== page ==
The fashion industry can be divided into five segments:
Haute couture is the most expensive and exclusive of the segments. It is made up of a handful of companies which produce custom-made clothing for the world’s wealthiest individuals.
The luxury segment is a step down in terms of quality and price, but still serves a wealthy clientele.
Affordable luxury targets “aspirational” consumers, those who are not rich enough to afford luxury brands but will accept lower-priced alternatives.
The goal of mainstream brands is mass appeal; they sacrifice an air of exclusivity for popularity.
Discount brands cater to low-income consumers.
At the highest levels, the fashion industry is relatively insulated from economic changes. For example, recessionary fears in the United States have done nothing to harm haute couture, which is actually seeing an increase in customers in a time when so many other companies are fighting decreasing sales. The luxury market is doing well compared to mainstream, affordable luxury and discount brands, where its customers have less financial security and thus are not spending as much money on clothes and accessories as they used to.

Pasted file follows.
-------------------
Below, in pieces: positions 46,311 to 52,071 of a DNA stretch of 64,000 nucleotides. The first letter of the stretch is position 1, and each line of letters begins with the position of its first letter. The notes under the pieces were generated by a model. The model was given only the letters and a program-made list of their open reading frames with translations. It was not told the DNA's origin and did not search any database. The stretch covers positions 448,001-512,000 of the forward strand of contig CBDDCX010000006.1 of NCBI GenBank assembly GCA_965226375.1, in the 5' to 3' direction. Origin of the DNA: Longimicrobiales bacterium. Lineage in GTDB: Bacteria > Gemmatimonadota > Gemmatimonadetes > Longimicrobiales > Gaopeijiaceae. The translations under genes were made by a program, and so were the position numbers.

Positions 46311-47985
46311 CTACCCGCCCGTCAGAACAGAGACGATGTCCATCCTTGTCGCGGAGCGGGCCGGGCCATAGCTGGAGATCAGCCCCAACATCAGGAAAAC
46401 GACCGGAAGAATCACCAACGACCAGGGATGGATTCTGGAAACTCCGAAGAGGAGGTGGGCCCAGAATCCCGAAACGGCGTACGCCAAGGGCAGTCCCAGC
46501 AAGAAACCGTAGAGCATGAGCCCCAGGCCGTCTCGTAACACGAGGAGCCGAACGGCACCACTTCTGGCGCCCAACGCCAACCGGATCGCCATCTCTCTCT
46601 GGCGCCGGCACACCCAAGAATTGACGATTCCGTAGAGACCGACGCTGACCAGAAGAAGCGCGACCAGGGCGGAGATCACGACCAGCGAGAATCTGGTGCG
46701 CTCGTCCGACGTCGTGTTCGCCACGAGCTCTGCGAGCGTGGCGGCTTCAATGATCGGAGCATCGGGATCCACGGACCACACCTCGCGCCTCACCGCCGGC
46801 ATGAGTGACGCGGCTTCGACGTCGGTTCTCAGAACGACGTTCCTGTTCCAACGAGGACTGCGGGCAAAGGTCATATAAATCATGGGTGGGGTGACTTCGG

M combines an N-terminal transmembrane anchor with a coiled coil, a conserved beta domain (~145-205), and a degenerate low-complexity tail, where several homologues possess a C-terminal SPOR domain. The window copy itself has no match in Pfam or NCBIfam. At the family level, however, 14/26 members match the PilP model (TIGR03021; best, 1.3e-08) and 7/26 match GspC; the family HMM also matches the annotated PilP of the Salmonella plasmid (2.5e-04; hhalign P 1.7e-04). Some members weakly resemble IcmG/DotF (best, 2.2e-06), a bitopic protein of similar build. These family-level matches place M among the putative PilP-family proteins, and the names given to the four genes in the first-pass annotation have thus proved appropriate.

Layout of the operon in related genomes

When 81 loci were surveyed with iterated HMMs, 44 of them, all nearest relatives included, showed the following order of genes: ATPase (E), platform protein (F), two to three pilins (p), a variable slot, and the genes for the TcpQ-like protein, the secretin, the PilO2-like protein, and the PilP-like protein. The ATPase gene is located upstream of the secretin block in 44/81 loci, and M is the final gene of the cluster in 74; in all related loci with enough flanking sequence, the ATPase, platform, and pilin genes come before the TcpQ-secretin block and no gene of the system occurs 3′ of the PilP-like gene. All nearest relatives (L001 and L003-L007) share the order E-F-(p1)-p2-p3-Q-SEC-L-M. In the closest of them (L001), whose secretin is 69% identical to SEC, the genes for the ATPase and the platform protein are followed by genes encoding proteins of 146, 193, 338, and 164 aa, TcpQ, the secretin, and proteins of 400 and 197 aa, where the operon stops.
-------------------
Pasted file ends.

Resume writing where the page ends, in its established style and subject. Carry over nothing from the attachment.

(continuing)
Trends and Forces in the Fashion Industry
Increasing Focus on Men
Fashion was once seen as almost exclusively a “women’s domain.” However, in the past few years men as a whole have begun to pay more attention to their appearance and the fashion industry has responded by focusing more on catering to male clientele. For example, J. Crew Group and Hermès both opened men’s-only stores in New York City. Although women still do make the majority of clothing purchases, companies are beginning to take advantage of the male demographic and appeal to them in order to increase sales.
New Markets for Consumers of High Fashion are Emerging Worldwide
Now, more than ever, the nouveau riche in China and Russia are developing a big appetite for high fashion. In China for example, the economy grew more than 10% annually during the last five years, and by the end of 2006 the country had 345,000 U.S. dollar millionaires, 33% of whom were women. Chinese citizens are becoming increasingly fixated on luxury goods–they are viewed as a status symbol. China, Russia and the Middle East present large, wealthy markets for luxury goods companies.